Drawing, not writing, improves memory
Drawing, even if you’re not good at it, does more for memory enhancement in the elderly than writing.
A new study by researchers from the University of Waterloo found that drawing, as a method to help retain new information, was better than rewriting notes, visualisation exercises or passively looking at images.
“We found that drawing enhanced memory in older adults more than other known study techniques,” said Melissa Meade, PhD candidate in cognitive neuroscience at Waterloo. “We’re really encouraged by these results and are looking into ways that it can be used to help people with dementia, who experience rapid declines in memory and language function.”
As part of a series of studies, the researchers asked both young people and older adults to do a variety of memory-encoding techniques and then tested their recall. Meade conducted this study with Myra Fernandes, a psychology professor in cognitive neuroscience at Waterloo, and recent UW PhD graduate Jeffrey Wammes.
The researchers believe that drawing led to better memory when compared with other study techniques because it incorporated multiple ways of representing the information—visual, spatial, verbal, semantic and motoric.
“Drawing improves memory across a variety of tasks and populations, and the simplicity of the strategy means that it can be used in many settings,” Prof Fernandes said.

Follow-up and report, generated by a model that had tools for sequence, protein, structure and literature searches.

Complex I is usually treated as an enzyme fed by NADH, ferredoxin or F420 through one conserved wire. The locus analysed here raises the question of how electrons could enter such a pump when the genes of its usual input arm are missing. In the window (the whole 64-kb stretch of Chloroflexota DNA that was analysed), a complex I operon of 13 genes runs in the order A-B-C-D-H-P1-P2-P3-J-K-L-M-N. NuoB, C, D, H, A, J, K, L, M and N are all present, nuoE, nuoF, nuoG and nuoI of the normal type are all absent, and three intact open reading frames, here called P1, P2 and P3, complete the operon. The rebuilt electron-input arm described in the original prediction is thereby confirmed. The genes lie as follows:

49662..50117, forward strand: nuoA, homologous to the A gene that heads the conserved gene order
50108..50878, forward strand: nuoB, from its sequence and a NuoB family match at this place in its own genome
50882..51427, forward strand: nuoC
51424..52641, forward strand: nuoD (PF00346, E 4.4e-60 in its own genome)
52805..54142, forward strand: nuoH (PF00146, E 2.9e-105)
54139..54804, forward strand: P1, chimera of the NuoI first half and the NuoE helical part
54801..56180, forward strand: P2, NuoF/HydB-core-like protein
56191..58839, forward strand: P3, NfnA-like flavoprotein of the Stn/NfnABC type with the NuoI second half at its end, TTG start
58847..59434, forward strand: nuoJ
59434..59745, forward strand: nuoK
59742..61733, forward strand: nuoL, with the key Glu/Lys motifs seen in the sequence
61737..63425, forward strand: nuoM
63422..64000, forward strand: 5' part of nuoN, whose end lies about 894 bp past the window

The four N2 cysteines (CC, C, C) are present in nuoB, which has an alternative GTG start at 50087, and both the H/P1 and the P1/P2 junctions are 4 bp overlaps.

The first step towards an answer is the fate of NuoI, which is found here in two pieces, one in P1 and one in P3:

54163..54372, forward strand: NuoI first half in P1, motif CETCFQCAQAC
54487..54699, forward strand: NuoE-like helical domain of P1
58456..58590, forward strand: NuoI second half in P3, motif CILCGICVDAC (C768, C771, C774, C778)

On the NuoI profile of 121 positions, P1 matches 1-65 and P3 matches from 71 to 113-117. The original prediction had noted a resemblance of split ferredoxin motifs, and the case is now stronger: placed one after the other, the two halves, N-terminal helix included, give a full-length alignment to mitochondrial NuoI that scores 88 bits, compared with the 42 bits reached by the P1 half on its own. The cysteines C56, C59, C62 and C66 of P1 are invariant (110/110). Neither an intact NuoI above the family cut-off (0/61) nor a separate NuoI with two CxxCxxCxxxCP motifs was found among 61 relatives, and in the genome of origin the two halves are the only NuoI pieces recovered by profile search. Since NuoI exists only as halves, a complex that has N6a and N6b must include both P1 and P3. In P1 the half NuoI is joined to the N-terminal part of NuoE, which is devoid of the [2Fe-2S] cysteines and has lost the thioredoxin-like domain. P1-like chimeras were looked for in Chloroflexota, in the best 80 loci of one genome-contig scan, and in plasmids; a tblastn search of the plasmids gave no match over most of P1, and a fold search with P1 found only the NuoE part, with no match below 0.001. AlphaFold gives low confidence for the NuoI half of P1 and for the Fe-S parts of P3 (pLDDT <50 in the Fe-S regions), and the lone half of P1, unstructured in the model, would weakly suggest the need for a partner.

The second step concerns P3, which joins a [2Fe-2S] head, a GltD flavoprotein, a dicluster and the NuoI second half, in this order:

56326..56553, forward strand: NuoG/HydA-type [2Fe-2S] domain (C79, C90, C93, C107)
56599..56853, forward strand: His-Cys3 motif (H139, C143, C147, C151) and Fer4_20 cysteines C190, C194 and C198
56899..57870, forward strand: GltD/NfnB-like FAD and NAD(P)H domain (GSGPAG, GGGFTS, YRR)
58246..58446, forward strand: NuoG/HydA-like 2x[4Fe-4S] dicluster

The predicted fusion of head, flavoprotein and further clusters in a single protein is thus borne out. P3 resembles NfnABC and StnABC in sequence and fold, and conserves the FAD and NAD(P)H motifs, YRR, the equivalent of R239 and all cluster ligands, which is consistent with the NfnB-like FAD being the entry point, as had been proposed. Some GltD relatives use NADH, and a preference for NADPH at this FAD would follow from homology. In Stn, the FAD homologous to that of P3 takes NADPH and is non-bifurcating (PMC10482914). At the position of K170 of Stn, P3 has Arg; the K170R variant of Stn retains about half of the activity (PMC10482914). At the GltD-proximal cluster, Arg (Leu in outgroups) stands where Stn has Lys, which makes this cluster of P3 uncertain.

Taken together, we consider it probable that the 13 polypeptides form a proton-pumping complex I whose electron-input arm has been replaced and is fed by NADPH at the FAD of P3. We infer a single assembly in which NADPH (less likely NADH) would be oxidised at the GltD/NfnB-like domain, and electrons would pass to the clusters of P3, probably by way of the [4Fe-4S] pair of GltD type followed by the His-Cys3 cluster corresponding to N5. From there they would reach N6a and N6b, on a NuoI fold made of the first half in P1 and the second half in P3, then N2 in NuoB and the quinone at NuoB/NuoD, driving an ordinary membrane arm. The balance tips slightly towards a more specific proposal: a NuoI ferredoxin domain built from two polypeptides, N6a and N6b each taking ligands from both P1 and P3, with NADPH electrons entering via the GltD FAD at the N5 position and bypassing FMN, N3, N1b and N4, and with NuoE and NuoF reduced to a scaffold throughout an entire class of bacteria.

As part of the studies, the researchers compared different types of memory techniques in aiding retention of a set of words, in a group of undergraduate students and a group of senior citizens. Participants would either encode each word by writing it out, by drawing it or by listing physical attributes related to each item. Later on, after performing each task, memory was assessed. Both groups showed better retention when they used drawing rather than writing to encode the new information, and this effect was especially large in older adults.
Retention of new information typically declines as people age, due to deterioration of critical brain structures involved in memory such as the hippocampus and frontal lobes. In contrast, we know that visuospatial processing regions of the brain, involved in representing images and pictures, are mostly intact in normal ageing, and in dementia. “We think that drawing is particularly relevant for people with dementia because it makes better use of brain regions that are still preserved, and could help people experiencing cognitive impairment with memory function,” Prof Meade said. “Our findings have exciting implications for therapeutic interventions to help dementia patients hold on to valuable episodic memories throughout the progression of their disease.”
The study appears in Experimental Aging and Research.
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